Tentative results of forensic tests in tsar family case may become available in next few days

The first results of the new genetic tests in the case involving the death of the tsar's family are expected to become available in the next few days, Vladimir Solovyov, senior investigator with the Main Criminalistics Department of the Russian Investigative Committee, told Interfax on Oct. 16.

Tsar Nicholas II and his daughters Olga, Anastasia, and Tatiana in the winter of 1917 in Tobolsk. Source: Romanov Collection, General Collection, Beinecke Rare Book and Manuscript Library, Yale University.

The first results of the new genetic tests in the case involving the death of the tsar's family are expected to become available in the next few days, Vladimir Solovyov, senior investigator with the Main Criminalistics Department of the Russian Investigative Committee, told Interfax on Oct. 16.

"We are hoping that these tentative results will become available this week," he said.

Solovyov said the first stage of the genetic tests of the remains of Russia's last Emperor Nicholas II and his wife Alexandra Fyodorovna is expected to be completed.

"Intensive work is being done, the best specialists are involved. We are expecting some results in the nearest future: positive or negative. We can decide on further tests depending on these results this week," Solovyov said.

"I cannot definitely say now if it will be tests associated with Great Princess Yelizaveta Fyodorovna [sister of Empress Alexandra Fyodorovna]," Solovyov said.

According to earlier reports, the Investigative Committee has resumed the investigation into the criminal case involving the death of the tsar's family. The Investigative Committee said additional tests are being performed to confirm the authenticity of the remains of Prince Alexei and Great Princess Maria. Their remains are located in the State Archive in Moscow.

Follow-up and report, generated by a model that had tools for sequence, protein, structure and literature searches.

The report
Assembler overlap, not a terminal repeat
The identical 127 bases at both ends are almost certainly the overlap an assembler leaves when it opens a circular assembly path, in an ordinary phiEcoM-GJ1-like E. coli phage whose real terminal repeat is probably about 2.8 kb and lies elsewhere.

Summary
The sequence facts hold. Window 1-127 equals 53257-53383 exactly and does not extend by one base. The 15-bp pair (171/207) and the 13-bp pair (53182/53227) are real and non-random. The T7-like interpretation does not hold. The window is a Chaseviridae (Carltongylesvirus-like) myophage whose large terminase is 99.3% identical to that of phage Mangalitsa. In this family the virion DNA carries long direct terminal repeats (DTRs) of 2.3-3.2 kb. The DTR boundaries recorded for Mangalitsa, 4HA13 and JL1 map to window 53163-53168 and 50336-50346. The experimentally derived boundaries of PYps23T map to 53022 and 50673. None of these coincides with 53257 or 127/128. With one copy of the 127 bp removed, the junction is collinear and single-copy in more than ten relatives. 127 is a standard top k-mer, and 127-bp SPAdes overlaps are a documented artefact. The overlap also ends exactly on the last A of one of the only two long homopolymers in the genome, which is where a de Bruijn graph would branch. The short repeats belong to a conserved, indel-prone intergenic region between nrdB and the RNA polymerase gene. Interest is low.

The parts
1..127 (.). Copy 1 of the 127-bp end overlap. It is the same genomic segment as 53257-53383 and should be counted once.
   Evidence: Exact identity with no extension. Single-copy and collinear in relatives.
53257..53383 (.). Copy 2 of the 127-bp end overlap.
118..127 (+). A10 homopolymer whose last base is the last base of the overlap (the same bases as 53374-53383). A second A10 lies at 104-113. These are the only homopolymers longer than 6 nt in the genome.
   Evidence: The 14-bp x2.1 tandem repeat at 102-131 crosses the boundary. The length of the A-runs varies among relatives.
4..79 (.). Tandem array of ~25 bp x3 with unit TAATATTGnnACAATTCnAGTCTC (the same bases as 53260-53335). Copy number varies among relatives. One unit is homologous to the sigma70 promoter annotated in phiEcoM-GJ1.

Samples of the remains of Nicholas II, his wife Alexandra and samples of the clothes of Russian Emperor Alexander II were taken from St. Petersburg to Moscow in September.

The Russian Orthodox Church and some of the Romanov's ancestors believe the authenticity of the tsar family remains has not been proven yet. They are hoping that a new investigation will help resolve this issue.

Last week, Solovyov told Interfax that the Investigative Committee is hoping to get "serious test results by the end of this year.

"Everything is very serious, and the Church is helping us a lot. I really hope we will all work together," Solovyov said, referring to the new tests.

State experts are confident that the remains, both those buried in the Romanov family vault in St. Petersburg and those stored in the Russian State archive, are real.

In September, the Russian Investigative Committee did not rule out the possibility of the remains of Great Princess Yelizaveta Fyodoronva being taken from Israel to Moscow for new tests.

"It's a very difficult issue: international relations, delivery from a different country. There is no final decision. We are talking about Alexandra Fyodorovna's sister, Great Princess Yelizaveta Fyodorovna. She was the wife of Great Prince Sergei Alexandrovich, governor general of Moscow," Solovyov said then.

The Investigative Committee completed the investigation into the criminal case involving the death of the family of Nicolas II in January 2011 and recognized the remains found near Yekaterinburg as real.

A grave with nine bodies was found on Staraya Koptyakovskaya Road near Yekaterinburg in July 1991. The remains were identified as those of Emperor Nicholas II, his 46-year-old wife Alexandra Fyodorovna, their daughters Olga, 22, Tatyana, 21, and Anastasia, 17, and their servants Yevgeny Botkin, 53, Anna Demidova, 40, Aloise Trupp, 62, and Ivan Kharitonov, 48.

Members of the imperial family were buried at a sepulcher of the Peter and Paul Cathedral in St. Petersburg.

The remains of two more people were discovered during archaeological excavation works 70 kilometers south of the first grave on July 26, 2007. The remains have still not been buried, but numerous expert analyses indicate that the remains were most likely those of Crown Prince Alexei and his sister Maria.

The Romanov family said it supports the burial ceremony of the two children of Russia's last Emperor Nicholas II in the family vault in St. Petersburg if the new genetic tests are completed in full and if the Russian Orthodox Church recognizes the authenticity of the Yekaterinburg remains.

"The date plays no big role here. The main thing is to determine the truth," Alexander Zakatov, director of the Romanov family chancellery, told Interfax earlier.

The other descendants, members of the Association of the Romanov Family Members, believe the tsar's remains are real.

Read more: The mystery of the Romanovs' untimely demise>>>

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